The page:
Finance education just a click away PDF Print E-mail
Written by PETER KUEBECK Sentinel Staff Writer   
Tuesday, 11 October 2011 09:30
A student participates with other Penta students in Finances 101 The Game Media Event. (Photos: J.D. Pooley/Sentinel-Tribune)
For students and others looking for helpful hints in these doubtful economic times, financial education may only be a click away.
The free online version of the game Finances 101: Walk the Walk, Talk the Talk was unveiled last week during an event held at Penta Career Center.
The game is based on a live-action version created in 2003 by the Northwest Chapter of the Ohio Credit Union League that has been played by almost 6,400 students throughout the region. The next installment of the live version is to be held Oct. 18 in the Bowen-Thompson Student at Bowling Green State University. The online version was made possible by a $26,000 grant from the Ohio Credit Union Foundation.
During her remarks at the event, Beth Carpenter, vice president of the Toledo Public Schools Credit Union and president of the Northwest OCUL chapter, noted that the first time the live version of Finances 101 was played was at Penta, and so it was fitting to premier the online version there.
She said that credit unions feel a lack of financial education is a problem in the current economic climate.
The game seeks to change that. In Finances 101, players create a game character or "avatar" to represent them. Based on a series of questions about their interests and educational goals, they are then given a simulated job and salary and educated about how much is extracted from their pay in taxes. They are then required to put 10 percent of their pay into a savings account.
From there, with the remaining funds they must deal with family size issues, credit card and student loan debts, bills, entertainment costs and life's uncertainties as they work to make ends meet.
"Some users may run out of money, sending your avatar into panic mode," Carpenter said, causing players to seek other forms of income, like another job.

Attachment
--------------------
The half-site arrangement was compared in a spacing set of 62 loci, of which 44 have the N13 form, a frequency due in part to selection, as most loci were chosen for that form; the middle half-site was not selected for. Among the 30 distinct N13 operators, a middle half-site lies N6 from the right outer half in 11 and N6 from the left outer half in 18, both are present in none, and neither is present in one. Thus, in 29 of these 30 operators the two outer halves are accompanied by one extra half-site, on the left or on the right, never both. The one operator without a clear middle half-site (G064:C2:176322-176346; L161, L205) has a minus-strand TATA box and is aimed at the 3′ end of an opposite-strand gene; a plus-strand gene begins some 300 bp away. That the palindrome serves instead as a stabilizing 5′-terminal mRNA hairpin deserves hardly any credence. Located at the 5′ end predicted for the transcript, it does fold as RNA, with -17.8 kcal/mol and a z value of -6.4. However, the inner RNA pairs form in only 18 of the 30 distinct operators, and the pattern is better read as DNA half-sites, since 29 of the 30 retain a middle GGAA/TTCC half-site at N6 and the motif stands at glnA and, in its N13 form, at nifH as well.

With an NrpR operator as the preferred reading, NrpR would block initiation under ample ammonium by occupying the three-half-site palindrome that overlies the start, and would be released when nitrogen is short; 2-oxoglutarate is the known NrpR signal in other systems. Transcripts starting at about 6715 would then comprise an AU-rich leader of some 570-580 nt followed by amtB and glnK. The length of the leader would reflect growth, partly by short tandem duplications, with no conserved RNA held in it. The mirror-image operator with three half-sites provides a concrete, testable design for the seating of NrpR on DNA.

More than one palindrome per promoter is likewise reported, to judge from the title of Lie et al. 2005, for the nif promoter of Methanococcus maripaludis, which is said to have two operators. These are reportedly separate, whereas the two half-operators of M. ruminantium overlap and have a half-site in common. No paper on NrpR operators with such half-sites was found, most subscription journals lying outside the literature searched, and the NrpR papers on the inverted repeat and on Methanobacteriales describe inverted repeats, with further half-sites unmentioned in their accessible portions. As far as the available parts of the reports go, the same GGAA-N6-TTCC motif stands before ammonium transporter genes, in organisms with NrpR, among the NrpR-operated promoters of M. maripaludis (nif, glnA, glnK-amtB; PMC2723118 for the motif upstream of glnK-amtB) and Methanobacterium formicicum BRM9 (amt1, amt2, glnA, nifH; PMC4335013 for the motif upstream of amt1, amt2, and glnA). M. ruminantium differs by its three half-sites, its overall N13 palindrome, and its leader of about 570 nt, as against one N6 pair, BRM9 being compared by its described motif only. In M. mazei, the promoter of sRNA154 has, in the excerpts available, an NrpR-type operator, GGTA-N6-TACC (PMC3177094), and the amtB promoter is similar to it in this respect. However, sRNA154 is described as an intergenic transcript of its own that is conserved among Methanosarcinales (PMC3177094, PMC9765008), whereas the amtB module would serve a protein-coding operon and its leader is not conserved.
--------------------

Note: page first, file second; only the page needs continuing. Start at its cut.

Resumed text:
Jon Cheney, right, from Bowling Green and Megan Pryke, middle, from Lake participate with other Penta students in Finances 101 The Game Media Event.
She encouraged parents, educators and students to use the game "so we can set future leaders on a path to financial freedom."
Ohio Sixth District Representative Randy Gardner (R-Bowling Green) noted that the Ohio General Assembly has already included financial literacy in its scholastic curriculum, and he attended the event to see if the Assembly might encourage this kind of technology across the state.
He thought that students playing the game might be able to have better financial discussions with their parents.
A dozen Penta students, playing for the first time, demonstrated the game at the event.
"It gives you an outlook on where you can be" in the future, said Candace Fraire, a senior from Eastwood High School in Penta's Medical/Legal Office program, as she played the game.
Sitting next to her, Alaysia Fields, also from Eastwood in the Marketing Education program, said this new game had a leg-up on others because of its realism. Unlike others that assign a career, this one, she said, allows players a choice, better representing real life.
"It's interesting," said Jon Cheney, a student from Bowling Green High School, "actually seems like it's really life, what would happen."
He felt the game would be helpful to him "because it tells you how much you need to save and what you need to save it for," and also what expenditures need to be made.
The game, which can be played for free, is available at

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